23pgmcc
maig 23, 2020, 11:22am

>22 frahealee: Dust covers were originally introduced as a wrapper to protect the book and it was known for the cover to be pulled off and binned at the time of purchase. Since then the dust covers have become collector items in themselves and a book with its original dust jacket will be valued multiple times its value without it.

24frahealee
Editat: maig 23, 2020, 12:08pm

>23 pgmcc: Thank you, that's good to know. The only ones I kept were Keats and Poe, since I liked the designs. The oldest books I own are Shakespeare and Bibles, all family heirlooms, but no dust covers on them, more imitation leather I think. My folks aren't around anymore to ask. I'm afraid to open them too far to locate a copyright date for fear of cracking their brittle spines.

25pgmcc
maig 23, 2020, 12:43pm

>24 frahealee:
You can use a cushion, or two, to rest an old book on so it does not open fully. That saves the spine while giving you a chance to view the content. If your books are old they may pre-date copyright.

26frahealee
Editat: maig 26, 2020, 7:12am

>25 pgmcc: We managed to find the book, a 1350p. Complete Works of WS, presented to my grandfather circa 1913/14 before arrival in Canada. Mum was born here in 1932, his 4th. He died when she was a child. The book was a gift from a Baptist pastor in Brabourne, Kent for 'services as organist' (paid or voluntary?) and cover has been taped inside/out, badly worn, musty wrinkly pages with that yellowed odour, but it's nice to have a bit of his history. All I know about him is that he was a military man who did embroidery for his health. No visible copyright date, but edited/glossary by W.J. Craig, M.A. from Trinity College, Dublin (for Oxford University Press). Wow, small world! =) Wave at it for me! Happy Sunday.

27frahealee
maig 26, 2020, 7:00am

On another side note, a sweet little bat flitted around overhead at dawn, snarfing down a selection of mosquitoes and moths (?) within 3m. of my head. So quick, so exacting, but ravenous. You can bet I kept a very close eye on it. Disappeared by 6am. Made my day!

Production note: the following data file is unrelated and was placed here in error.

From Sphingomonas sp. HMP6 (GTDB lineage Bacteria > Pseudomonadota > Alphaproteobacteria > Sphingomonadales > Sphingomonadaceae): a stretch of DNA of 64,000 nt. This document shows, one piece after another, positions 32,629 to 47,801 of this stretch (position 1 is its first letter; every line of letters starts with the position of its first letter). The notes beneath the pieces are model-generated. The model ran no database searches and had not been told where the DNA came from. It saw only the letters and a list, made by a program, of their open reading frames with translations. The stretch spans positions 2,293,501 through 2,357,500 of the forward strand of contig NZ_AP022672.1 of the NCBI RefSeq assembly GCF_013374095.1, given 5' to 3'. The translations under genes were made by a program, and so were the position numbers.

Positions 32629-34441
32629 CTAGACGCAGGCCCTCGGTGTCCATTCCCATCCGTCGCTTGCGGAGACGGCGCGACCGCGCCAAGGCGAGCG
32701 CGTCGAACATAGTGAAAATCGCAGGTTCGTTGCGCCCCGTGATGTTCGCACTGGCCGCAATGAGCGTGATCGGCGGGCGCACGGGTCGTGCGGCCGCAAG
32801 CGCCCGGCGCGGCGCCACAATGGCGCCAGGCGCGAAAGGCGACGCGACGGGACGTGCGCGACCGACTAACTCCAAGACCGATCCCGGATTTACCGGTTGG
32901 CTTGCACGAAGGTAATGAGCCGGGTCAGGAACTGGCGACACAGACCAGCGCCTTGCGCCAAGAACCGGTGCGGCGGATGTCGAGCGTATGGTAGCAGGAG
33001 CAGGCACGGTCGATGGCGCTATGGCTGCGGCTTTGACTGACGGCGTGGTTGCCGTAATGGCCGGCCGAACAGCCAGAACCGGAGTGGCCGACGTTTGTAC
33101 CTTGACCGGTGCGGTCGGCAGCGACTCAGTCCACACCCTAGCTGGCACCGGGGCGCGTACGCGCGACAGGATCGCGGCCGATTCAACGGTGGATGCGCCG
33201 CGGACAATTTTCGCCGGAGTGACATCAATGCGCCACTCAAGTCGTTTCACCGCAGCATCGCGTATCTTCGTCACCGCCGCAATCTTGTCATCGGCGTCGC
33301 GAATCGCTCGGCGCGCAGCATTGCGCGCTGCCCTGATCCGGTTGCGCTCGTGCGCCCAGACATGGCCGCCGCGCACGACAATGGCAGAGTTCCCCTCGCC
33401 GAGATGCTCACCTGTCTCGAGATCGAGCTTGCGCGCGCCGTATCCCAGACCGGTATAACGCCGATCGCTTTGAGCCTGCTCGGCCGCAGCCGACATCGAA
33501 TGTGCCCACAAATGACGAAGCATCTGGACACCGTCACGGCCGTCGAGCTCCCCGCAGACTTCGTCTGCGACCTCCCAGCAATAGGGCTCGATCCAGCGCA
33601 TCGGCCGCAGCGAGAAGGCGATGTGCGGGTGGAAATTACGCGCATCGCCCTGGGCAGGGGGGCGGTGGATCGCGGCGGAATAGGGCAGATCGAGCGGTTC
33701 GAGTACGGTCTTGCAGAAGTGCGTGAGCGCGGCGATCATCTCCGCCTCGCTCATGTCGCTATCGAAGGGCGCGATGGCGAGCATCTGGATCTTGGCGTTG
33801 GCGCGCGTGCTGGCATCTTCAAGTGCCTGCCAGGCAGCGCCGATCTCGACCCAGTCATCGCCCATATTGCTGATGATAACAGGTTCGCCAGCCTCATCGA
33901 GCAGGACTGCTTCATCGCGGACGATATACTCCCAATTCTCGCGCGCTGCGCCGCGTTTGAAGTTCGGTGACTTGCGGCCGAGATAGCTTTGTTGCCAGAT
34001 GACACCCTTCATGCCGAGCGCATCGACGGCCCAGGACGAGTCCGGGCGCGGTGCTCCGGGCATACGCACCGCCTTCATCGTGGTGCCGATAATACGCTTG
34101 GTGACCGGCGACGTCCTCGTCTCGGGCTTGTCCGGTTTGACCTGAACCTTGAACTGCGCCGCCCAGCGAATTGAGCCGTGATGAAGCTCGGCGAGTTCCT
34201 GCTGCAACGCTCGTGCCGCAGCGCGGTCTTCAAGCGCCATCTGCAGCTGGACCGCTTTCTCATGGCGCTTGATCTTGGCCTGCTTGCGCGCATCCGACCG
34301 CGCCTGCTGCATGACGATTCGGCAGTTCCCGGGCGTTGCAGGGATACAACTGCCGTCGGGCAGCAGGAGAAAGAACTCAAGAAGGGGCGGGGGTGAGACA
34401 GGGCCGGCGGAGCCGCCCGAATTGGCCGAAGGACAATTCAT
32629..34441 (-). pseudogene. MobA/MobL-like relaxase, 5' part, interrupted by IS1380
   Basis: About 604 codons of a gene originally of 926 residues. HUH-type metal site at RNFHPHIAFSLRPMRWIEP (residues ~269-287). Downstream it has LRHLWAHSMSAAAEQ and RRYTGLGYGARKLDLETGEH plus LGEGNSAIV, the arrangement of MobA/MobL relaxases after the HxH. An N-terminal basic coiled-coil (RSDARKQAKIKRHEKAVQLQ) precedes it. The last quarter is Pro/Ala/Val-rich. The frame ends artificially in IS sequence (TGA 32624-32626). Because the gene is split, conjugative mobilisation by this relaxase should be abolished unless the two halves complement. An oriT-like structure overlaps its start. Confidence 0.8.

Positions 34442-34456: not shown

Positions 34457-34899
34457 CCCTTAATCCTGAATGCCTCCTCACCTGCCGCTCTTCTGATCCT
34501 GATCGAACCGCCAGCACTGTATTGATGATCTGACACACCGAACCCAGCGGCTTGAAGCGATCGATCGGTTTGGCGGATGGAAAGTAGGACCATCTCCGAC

28pgmcc
maig 26, 2020, 8:00am

>27 frahealee: Were you rushing home before the direct sunlight struck you?

:-)

29frahealee
Editat: maig 26, 2020, 8:20am

>28 pgmcc: Teehee! =D Merely coffee on my patio. I'd just strolled through the long grass, stirring up flying critters for it to munch on. Worked wonders. Even the resident skunk likes me, not a spray in 15yrs. The natural world seems to trust or at least tolerate me, since I've never been a pet-owner. The wild critters flock to my yard and seem to get along, unlike human groupings. Perhaps I'm well in touch with my inner beast! I love Robin Williams in FernGully as Batty, which I'll now need to watch soon, the idea of a special needs bat makes me smile. For the record, I do sunburn easily...

30pgmcc
maig 26, 2020, 8:29am

>29 frahealee: I can just picture your strolling through the grass with bats over head and the wolves striding along beside you.

31frahealee
Editat: maig 26, 2020, 9:11pm

>30 pgmcc: Would you believe a red fox?! At least I hope that's what it was...
Now you're making me nervous, some kind of Francis of Assisi effect? Bats, bees, birds, bunnies, groundhogs, chipmunks, etc. No snakes in my Eden, a good sign. Gothic tropes seem to find me, now that I recognize them. You've all brought great clarity to centuries of Dracula shadows and appeal. The gothic church bell tower is a few blocks away, so maybe that's our resident bat condos! Great view.

32housefulofpaper
maig 27, 2020, 8:28pm

Okay, not strictly editions of Dracula, but books about Dracula. Clockwise from the top, we have...

The chapter on Dracula from Sir Christopher Frayling's Nightmare: the Birth of Horror - the tie-in book to the 1996 BBC TV series. This is really good. Informative, accurate and a lively read. The Dracula episode is currently uploaded to ...the usual place.

The Bedside, Bathtub & Armchair Companion to Dracula. It's not by any means an academic book but for about half its length this s also informative and a lively read, and as far as I recall it's accurate as well. But it does start to fizzle out and descend to obvious filler material and "listicles" well before the end.